By Bobby Tanzilo Senior Editor/Writer Published Jul 27, 2013 at 5:06 AM

While we were busy enjoying all that sizzling hot Wisconsin had to offer last summer, a bevvy of authors was likely working hard on the new crop of books about Wisconsin that has landed in area bookshops.

My favorite of the season so far is "Wisconsin Talk: Linguistic Diversity in the Badger State," a collection of essays edited by Thomas Purnell, Eric Raimy and Joseph Salmons, and published in paperback by the University of Wisconsin Press.

The book is the first in a projected series called "Languages and Folklore of the Upper Midwest," and was created in concert with UW-Madison’s Center for the Study of Upper Midwestern Cultures.

We all love to joke about the quirks of the Wisconsin dialects – "bubbler," "throw me down the stairs my shoes," "start with me first," etc. – but these 10 essays dig deeper to understand both the broad diversity of dialects in the state and how they developed.

Unsurprisingly, those dialects grew in large part from the accents and languages that Wisconsin’s immigrants brought with them over the decades.

Felecia Lucht explores older immigrant languages and Antje Petty looks at the history of German schools in the state. Karen Washinawatok and Monica Macaulay describe the Native languages of Wisconsin, while Susan Meredith Burt and Catherine Stafford talk about Hmong and Spanish, respectively, in the world of Badger State chatter.

Some other great Wisconsin reads:

Also from the UW Press comes "Sister: An African American Life in Search of Justice," published in hardcover. Along with Jody LePage, Sylvia Bell White tells her own story, which couldn’t help but focus in large part on her brother who was killed by a Milwaukee police officer in 1958.

Born in the South, White came north with the dream of becoming a nurse. What followed was a long struggle against discrimination – and the death of her brother, which set her and her siblings on a course for justice for her brother Daniel.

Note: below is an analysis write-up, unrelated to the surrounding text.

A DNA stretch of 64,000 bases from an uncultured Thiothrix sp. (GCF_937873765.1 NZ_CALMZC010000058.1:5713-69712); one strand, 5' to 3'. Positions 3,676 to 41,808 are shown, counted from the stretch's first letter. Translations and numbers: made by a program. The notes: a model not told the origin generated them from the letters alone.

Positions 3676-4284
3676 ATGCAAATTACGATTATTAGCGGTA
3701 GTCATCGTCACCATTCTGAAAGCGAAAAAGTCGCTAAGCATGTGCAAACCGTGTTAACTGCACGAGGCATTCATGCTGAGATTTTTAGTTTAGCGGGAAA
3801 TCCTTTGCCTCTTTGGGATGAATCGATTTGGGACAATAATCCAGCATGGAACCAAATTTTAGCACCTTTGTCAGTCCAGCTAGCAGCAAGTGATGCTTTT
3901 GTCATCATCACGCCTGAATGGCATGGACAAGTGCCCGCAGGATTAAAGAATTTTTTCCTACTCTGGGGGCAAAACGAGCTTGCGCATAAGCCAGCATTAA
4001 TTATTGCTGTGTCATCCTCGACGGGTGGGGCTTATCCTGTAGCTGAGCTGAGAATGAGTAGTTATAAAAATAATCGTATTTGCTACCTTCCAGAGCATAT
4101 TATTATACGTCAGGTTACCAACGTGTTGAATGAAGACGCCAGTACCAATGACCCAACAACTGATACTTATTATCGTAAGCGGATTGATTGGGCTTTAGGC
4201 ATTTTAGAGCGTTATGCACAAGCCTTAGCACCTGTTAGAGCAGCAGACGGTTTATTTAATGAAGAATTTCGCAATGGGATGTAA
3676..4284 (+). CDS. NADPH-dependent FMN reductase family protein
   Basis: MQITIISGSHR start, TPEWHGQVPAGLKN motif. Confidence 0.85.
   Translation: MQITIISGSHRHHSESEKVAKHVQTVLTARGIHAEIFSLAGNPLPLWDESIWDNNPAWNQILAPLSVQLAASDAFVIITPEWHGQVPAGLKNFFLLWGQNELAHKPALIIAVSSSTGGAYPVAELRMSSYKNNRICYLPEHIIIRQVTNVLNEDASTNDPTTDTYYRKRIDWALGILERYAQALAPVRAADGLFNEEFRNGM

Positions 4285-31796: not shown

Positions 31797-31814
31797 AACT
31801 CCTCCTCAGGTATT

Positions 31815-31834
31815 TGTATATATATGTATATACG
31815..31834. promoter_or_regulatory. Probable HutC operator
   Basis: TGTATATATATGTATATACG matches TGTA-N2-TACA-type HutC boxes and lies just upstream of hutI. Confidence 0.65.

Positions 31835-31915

White’s story, which spans from the era of her slave grandparents to the era of the first African American president, is a powerful and moving one told in the voice of the remarkable woman who lived it.

Former newspaperman and now gallery owner Dean Jensen spins a dazzling and touching yarn in "Queen of the Air: A True Story of Love & Tragedy at the Circus," which tells the story of circus superstar Lillian Leitzel.

Leitzel – whose brother Alfred Pelikan spent decades in Milwaukee running the art department at Milwaukee Public Schools and also as director of the Milwaukee Art Institute – was a star of mega proportions in the first decades of the 20th century and her story is as astonishing as her act was reputed to be. I’m not telling you more because I don’t want to spoil it, but, seriously, don’t miss this bit of pop culture history.

Two new books are centered around Eagle’s Old World Wisconsin.

John D. Krugler’s "Creating Old World Wisconsin" (UW Press paperback) recounts the struggle to build an outdoor history museum of ethnic architecture. Krugler explains the massive effort, fueled by a handful of visionaries, required to save and transport dozens of historic buildings from around the state to the Kettle Moraine State Forest.